Just after midday on 3 November, Navy test pilot Cmdr. Tony Wilson landed his F-35C test aircraft – designated CF-03 – on the Nimitz’s flight deck. Video shows the Joint Strike Fighter gently cruising in and successfully snagging one of the carrier’s arrestor cables, bringing the aircraft to a rapid stop.

Each aircraft carrier has five arrestor cables dotted along the deck, which ensures pilots can still catch a cable even if they approach too high or too low. Wilson’s landing was inch-perfect with the F-35’s tailhook catching the third cable, considered the ‘sweet spot’ by naval aviators.

"Today is a landmark event in the development of the F-35C," said Wilson, a Navy test pilot with Air Test and Evaluation Squadron (VX) 23.

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"It is the culmination of many years of hard work by a talented team of thousands. I’m very excited to see America’s newest aircraft on the flight deck of her oldest aircraft carrier, the USS Nimitz," he added.

The successful landing is the beginning of a two-week testing phase known as Development Testing I (DT-I). During DT-I, the test aircraft will perform a number of operational manoeuvres including various catapult takeoffs and arrested landings. Testing will also encompass general maintenance and fit tests for the aircraft and support equipment.

The two F-35C test aircraft are from Naval Air Station Patuxent River in Maryland.

‘Historic day’ – the beginning of F-35 integration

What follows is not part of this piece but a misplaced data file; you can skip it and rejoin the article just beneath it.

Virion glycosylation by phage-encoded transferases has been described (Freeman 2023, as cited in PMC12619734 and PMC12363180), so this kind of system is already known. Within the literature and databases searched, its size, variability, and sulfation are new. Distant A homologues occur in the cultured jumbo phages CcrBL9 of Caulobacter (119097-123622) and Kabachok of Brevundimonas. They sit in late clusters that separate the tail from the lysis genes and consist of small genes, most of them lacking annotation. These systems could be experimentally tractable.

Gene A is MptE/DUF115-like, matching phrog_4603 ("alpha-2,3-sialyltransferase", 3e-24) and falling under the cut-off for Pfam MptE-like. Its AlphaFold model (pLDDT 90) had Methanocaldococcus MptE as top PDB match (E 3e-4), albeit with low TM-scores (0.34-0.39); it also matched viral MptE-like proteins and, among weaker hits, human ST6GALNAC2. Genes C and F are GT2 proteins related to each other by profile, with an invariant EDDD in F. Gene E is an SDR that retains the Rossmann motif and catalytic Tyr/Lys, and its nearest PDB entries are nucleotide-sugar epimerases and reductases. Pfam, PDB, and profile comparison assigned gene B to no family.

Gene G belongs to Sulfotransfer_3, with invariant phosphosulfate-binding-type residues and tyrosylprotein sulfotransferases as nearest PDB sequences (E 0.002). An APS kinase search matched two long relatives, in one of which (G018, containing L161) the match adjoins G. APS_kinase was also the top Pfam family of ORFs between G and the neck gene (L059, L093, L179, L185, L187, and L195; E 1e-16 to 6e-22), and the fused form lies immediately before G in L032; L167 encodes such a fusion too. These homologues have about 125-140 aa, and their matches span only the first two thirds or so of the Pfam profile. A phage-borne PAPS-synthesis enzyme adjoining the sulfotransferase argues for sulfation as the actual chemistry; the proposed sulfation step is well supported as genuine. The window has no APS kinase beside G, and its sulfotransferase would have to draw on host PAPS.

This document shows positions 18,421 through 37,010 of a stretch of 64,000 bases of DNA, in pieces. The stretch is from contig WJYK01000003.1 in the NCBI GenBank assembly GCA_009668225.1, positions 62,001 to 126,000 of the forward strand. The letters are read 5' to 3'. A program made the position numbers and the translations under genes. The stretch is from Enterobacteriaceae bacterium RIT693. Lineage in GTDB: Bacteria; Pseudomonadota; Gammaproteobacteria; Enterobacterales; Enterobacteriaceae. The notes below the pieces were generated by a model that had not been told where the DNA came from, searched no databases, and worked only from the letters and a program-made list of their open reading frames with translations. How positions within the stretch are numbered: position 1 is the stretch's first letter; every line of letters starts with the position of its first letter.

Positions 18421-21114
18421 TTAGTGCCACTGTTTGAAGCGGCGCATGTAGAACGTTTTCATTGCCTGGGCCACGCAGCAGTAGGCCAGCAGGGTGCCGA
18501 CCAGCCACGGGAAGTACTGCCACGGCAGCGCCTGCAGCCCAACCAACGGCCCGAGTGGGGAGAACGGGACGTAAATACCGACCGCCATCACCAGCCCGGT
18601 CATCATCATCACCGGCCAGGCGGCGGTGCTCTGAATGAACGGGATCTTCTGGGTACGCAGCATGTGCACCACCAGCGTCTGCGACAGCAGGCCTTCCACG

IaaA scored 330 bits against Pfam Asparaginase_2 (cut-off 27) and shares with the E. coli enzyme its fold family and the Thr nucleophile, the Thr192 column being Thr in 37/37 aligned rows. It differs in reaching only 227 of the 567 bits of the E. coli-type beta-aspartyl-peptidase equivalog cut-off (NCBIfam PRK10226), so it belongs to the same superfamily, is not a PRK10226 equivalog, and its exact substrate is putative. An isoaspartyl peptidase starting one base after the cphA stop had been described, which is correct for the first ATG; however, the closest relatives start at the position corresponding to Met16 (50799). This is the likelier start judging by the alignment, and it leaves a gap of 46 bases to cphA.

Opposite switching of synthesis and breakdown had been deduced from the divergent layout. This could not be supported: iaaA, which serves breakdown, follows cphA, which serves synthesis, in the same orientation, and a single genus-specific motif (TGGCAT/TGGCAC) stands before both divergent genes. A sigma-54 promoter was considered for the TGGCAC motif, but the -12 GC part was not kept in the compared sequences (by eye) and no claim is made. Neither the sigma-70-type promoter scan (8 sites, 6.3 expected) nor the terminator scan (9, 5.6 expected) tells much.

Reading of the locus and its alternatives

"What a historic day today is for naval aviation," said Vice Admiral David H. Buss, commander of US naval forces, who was onboard to witness the landings. "With the first traps and catapult launches of the F-35C Lightning II aboard an aircraft carrier, we begin the integration of the next generation of warfighting capability into our carrier-based air wings."

The US Navy awarded a $39.3m contract to Lockheed Martin in April 2012 .

DT-I will be the first of three at-sea test phases for the US Navy’s F-35C variant. The F-35C is specifically designed for aircraft carrier operations and, compared with the Air Force and Marine variants, features larger wings, folding wingtips, upgraded landing gear and greater fuel capacity.

Another unique feature of the ‘Charlie’ variant is the tailhook, which is used to catch the arrestor wires strung across the carrier’s deck and rapidly decelerate the aircraft. Developer Lockheed Martin was forced to redesign the tailhook last year after testing found it couldn’t catch the wires properly.

A new arresting hook system on the F-35C now features better damping and a stronger hook with a redesigned shape.

Critical arrestor tests took place at Naval Air Engineering Station Lakehurst, New Jersey, in January, confirming the new system was ready for carrier landings. Officials were hoping for the first landings to take place in October, but the F-35’s grounding earlier this year due to an engine fire has pushed this further into the year.

The US Navy’s F-35C will take the longest to come into operational service with a projected in-service date of around 2018, compared with 2015 for the F-35B and 2016 for the F-35A. It’s widely known that the US Navy is the least enthusiastic participant in the Joint Strike Fighter programme and so will be using the next two weeks to carefully assess the F-35C’s performance and capabilities.

If the carrier tests reveal yet more problems, expect there to be more calls for buying extra F/A-18s – which are proving their worth in the on-going airstrikes against Islamic State – and a reduction of F-35C orders. Senior naval commanders are already concerned the F-35C lacks sufficient electronic warfare capabilities, a role which is currently being fulfilled by the Navy’s Growler aircraft.

The flawless first landing of the F-35C on the USS Nimitz will silence some of those critics, at least for now.

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